Fast forward thirty odd years to find me entering Emily’s room. As I looked around the room, I nearly hit the ceiling with an explosion of feeling. You can guess the scene, can’t you?

The roommate who had arrived first had taken the bed by the window, entirely filled the only bookcase with her stuff, taken and completely filled to the brim one of the two closets (when three people needed to share the two closets) and taken the best desk, positioned with the greatest light. The degree to which she had settled in made it appear she had been there six months, not overnight. She had even left towels on the best towel rack by the door. A note from her said she had taken a full closet because she didn’t want one of the bureaus. I think this was when I snarled in Emily’s direction, “As if how she feels about bureaus means you don’t deserve closet space.” A book called, “The Naked Roommate: And 107 Other Issues You Might Run into at College” was prominently displayed on “her” bookcase. I was tempted to take off my clothes and see what she would do with a naked parent!

Having me MAD was perhaps easier for Emily than having me weeping. Emily was great about the situation, She didn’t get sucked into the better than worse than dynamic AT ALL. She was so much more balanced than I was when I was her age. Heck, so much more balanced than I am now! She put her stuff in a neutral position in the room and calmly talked me down, “Mom, don’t worry. I can take care of myself. I am not going to let her do this. When we are all here in a couple of days, I will make sure we figure out the room arrangement fairly.”

With that, I dragged myself back from the unfinished business of thirty years ago, figuring I could ruminate later about why I had gone code orange when I entered her room.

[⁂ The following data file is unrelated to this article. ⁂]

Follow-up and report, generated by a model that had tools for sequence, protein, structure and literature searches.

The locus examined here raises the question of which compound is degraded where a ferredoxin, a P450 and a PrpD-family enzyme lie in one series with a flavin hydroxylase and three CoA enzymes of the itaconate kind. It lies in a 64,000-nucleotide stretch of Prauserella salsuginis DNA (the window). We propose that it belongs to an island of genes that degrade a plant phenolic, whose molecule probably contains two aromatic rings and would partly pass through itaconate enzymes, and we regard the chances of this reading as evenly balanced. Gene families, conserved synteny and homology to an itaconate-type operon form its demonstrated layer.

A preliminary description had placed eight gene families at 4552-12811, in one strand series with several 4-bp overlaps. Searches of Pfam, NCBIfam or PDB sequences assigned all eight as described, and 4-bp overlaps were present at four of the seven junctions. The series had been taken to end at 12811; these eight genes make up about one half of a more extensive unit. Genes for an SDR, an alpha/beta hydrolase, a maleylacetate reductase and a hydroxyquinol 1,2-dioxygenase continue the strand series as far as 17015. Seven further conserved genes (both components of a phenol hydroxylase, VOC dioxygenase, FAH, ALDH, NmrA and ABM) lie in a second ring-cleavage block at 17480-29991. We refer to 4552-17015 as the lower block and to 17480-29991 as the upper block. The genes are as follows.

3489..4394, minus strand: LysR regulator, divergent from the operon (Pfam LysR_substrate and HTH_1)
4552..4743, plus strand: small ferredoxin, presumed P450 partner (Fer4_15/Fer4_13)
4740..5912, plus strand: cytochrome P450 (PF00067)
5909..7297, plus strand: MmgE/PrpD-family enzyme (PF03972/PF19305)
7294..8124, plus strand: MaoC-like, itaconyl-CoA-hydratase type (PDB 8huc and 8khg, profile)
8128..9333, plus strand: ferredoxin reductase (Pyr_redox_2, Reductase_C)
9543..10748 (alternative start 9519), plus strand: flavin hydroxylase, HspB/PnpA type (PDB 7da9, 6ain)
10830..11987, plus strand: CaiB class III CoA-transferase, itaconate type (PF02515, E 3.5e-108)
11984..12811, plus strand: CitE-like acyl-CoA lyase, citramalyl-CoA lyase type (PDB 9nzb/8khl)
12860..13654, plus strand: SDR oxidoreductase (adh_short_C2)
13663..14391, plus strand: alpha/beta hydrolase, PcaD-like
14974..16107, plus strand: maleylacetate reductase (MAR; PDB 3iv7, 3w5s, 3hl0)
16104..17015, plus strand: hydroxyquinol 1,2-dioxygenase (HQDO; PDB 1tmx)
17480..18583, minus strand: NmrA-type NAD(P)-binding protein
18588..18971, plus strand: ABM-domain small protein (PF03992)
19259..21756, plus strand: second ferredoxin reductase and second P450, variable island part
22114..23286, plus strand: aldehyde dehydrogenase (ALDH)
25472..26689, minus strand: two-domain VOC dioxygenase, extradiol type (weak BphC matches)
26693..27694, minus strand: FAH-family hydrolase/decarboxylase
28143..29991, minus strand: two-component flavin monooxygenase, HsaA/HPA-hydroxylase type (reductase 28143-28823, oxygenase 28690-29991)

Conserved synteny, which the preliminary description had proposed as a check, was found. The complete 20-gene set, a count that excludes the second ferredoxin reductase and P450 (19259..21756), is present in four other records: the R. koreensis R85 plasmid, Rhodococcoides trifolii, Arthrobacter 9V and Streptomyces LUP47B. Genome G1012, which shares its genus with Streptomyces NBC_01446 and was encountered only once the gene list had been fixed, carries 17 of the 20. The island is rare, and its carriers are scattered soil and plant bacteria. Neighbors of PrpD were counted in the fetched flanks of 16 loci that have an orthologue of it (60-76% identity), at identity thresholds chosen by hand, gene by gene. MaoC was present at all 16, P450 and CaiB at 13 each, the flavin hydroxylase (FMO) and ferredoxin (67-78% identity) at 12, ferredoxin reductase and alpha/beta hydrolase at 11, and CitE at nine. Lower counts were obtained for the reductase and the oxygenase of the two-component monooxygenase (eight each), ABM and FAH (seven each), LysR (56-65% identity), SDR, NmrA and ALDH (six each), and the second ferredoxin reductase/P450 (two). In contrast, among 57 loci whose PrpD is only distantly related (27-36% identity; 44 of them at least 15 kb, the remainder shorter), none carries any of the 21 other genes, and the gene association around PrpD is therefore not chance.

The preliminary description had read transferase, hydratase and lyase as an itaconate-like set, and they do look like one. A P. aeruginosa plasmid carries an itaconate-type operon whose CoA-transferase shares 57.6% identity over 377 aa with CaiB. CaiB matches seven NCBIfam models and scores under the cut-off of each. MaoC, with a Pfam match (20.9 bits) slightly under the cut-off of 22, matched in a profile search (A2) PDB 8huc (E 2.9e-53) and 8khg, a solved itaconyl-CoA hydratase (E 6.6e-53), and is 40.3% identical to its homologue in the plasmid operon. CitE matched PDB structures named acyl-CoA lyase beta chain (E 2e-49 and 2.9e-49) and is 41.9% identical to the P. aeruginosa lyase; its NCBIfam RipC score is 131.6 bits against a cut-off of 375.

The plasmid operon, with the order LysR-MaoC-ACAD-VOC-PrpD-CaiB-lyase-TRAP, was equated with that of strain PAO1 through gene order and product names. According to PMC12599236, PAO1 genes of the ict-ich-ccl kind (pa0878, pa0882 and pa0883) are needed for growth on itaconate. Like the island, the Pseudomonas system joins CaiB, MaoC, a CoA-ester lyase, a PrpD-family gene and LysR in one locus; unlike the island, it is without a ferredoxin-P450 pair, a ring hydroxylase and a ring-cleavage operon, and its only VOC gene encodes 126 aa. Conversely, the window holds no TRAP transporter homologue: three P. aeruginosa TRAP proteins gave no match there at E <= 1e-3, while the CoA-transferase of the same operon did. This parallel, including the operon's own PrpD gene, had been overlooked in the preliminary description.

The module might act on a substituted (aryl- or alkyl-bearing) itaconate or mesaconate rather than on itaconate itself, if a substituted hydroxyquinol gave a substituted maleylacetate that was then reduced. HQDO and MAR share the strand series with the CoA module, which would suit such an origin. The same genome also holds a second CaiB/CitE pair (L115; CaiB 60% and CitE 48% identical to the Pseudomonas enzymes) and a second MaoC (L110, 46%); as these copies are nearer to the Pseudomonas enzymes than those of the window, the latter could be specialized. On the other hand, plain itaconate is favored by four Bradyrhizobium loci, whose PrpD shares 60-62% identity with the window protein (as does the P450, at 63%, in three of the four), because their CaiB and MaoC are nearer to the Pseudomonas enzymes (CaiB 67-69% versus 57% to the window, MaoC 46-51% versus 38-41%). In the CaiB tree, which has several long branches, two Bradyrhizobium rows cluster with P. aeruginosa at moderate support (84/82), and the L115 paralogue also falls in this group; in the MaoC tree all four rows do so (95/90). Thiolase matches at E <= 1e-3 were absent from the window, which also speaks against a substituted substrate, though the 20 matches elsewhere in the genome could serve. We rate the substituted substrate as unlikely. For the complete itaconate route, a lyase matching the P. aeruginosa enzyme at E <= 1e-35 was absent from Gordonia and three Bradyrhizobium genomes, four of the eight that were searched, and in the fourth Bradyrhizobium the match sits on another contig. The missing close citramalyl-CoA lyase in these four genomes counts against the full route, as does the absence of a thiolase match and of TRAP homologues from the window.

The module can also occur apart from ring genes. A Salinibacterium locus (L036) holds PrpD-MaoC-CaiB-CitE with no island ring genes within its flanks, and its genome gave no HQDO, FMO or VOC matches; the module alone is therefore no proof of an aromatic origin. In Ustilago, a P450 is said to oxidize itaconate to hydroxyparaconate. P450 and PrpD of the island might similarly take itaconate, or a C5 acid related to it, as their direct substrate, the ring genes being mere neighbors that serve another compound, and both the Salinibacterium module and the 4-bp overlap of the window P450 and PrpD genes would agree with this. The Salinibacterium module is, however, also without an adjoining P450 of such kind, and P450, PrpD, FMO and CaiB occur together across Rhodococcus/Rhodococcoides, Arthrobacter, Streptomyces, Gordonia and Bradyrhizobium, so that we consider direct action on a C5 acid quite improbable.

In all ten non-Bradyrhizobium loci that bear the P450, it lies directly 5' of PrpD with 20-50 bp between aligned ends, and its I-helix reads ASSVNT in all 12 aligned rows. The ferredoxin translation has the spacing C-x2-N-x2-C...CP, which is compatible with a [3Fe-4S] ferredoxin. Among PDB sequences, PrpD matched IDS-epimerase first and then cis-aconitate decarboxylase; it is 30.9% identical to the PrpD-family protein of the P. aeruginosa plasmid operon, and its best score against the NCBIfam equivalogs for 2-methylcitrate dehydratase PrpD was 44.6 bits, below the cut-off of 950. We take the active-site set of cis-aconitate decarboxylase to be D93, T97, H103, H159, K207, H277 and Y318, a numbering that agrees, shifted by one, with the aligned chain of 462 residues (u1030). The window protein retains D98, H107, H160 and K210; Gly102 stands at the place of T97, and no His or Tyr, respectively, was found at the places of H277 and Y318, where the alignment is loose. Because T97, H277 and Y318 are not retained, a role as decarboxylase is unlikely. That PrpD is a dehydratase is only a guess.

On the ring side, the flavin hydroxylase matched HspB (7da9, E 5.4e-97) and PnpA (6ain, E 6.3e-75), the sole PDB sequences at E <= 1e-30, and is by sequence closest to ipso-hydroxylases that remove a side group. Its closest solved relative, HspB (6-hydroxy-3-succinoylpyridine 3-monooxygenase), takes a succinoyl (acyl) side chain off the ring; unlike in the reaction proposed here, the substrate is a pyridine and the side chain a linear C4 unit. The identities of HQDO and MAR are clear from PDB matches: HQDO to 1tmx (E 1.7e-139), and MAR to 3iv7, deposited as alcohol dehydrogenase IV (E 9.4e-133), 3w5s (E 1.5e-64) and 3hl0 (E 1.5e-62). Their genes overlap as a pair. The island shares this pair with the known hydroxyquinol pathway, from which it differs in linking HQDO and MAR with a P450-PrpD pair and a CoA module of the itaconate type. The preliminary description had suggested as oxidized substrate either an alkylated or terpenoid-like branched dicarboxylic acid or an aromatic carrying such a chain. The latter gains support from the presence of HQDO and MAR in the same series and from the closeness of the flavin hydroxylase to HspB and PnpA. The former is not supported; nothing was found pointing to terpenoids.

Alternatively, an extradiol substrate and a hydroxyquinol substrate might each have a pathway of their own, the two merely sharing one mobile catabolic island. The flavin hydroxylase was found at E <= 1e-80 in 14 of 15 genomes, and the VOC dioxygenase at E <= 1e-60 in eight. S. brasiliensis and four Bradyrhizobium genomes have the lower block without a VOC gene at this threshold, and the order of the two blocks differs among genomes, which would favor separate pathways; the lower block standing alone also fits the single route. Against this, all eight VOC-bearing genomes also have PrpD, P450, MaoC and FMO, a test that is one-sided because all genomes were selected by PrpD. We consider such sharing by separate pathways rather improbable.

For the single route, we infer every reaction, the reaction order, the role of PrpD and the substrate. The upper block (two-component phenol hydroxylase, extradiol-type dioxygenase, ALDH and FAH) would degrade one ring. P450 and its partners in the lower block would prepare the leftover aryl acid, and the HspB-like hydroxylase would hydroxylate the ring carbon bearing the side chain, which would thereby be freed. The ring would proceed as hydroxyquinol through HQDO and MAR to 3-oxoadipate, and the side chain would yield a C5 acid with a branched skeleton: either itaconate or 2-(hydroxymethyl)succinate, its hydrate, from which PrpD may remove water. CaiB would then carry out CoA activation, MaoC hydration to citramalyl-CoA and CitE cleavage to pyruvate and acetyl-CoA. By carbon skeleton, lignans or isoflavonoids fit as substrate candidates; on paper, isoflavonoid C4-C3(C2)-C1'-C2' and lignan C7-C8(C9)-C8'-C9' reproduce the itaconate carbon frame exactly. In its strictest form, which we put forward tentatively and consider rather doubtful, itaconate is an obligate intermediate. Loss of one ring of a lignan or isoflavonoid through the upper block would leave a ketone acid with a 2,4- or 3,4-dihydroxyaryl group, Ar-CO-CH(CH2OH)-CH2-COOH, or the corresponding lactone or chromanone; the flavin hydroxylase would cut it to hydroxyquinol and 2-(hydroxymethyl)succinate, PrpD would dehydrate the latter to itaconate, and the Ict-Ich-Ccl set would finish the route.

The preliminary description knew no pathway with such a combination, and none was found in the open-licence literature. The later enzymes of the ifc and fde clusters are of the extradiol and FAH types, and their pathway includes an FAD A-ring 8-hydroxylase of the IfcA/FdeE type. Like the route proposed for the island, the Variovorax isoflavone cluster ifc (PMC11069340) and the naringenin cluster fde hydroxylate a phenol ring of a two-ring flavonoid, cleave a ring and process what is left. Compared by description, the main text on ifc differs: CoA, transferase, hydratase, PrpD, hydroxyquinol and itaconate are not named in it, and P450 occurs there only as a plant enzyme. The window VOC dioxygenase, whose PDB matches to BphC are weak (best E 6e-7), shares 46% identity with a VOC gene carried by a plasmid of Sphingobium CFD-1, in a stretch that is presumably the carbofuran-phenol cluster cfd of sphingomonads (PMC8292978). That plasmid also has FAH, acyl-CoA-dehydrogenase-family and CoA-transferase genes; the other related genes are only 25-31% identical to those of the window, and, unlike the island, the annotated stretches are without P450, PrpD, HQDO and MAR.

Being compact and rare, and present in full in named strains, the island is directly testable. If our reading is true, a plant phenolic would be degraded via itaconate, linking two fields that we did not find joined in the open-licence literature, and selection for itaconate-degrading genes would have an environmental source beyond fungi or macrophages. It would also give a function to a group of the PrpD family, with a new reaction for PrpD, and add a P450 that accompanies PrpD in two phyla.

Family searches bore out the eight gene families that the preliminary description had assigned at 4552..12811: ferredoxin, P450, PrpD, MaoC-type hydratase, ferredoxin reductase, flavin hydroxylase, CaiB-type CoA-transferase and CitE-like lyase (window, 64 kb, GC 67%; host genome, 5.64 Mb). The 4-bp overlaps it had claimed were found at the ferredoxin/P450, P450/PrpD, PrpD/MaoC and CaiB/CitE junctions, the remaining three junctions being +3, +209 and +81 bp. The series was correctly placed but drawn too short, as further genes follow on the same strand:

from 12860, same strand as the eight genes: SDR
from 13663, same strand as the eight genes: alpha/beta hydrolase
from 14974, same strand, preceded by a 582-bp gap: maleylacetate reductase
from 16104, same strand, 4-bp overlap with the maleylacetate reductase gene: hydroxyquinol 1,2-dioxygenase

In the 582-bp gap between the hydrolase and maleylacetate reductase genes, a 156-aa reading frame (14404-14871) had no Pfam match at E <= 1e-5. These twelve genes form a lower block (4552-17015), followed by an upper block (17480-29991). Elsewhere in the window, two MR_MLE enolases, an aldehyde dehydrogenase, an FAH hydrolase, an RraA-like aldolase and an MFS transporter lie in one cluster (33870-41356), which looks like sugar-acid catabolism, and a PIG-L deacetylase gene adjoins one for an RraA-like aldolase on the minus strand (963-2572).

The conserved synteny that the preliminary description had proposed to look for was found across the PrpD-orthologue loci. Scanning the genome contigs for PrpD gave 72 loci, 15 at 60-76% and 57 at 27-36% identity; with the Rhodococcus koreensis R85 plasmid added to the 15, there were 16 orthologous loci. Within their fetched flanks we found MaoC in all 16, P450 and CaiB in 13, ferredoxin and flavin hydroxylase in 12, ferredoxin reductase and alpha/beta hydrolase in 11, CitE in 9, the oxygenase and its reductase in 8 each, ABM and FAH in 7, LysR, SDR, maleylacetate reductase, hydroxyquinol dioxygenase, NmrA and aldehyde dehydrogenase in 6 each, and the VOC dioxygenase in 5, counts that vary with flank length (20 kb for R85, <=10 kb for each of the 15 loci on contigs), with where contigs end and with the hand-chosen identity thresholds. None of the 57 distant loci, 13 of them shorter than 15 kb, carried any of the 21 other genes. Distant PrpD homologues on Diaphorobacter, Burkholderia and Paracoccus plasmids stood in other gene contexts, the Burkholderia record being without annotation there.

Clearly, Emily was all set to take care of herself in a million ways I had been unable to when I was her age. Clearly she had both a skill set and a sense of her own value that I lacked during my own freshman year.

She knew herself an equal member of her new tribe. She didn’t need my angry reaction to go forward or feel empowered. I could let it go. I knew she would prevail in her desire to create a democracy in the room. There would be no default autocracy like my wounded roommate and I created.

The time to leave Emily to her new life came. The weeping could be postponed no more and so we had our group cry. Then, as our car headed away from Emily’s dorm, I glanced back to see her strolling across a shaded lawn towards her first pre-season soccer practice. She was walking with a fellow freshman soccer player. They were talking with great intensity, swept up into their new world already.

I was glad for a couple of differences between the two occasions thirty odd years apart.

1) I was glad martinis were not involved in this occasion.

2) I was glad that unlike my poor beleaguered freshman self, Emily counted herself an equal among peers, no more and no less.

3) I was glad that Emily had an internalized sense of her own value that would carry the day even as her Mother Bear Mother Bobcat Mother Wolf Mother Pit Viper drove away.

And 4) I was glad that sometime shortly after I settled into my freshman year orange abode, I began a disorganized but determined search for a different way to live with people than the way of my tribe of origin, a search that would involve a zillion books, and tens of thousands heart to hearts with spiritual teachers, therapists, beloved friends, cats, dogs, Angels, Elementals and God.

As I saw Emily in action in her new life, I saw that my search had been of value not just as a means to ease the inner battles that raged within me, but as a support to people with whom I shared my search, people including precious Emily. I could see that my search had helped her experience, even in a time of stress, her great equality with everyone else, her Godness in a sea of God. That alone made all the searching worthwhile.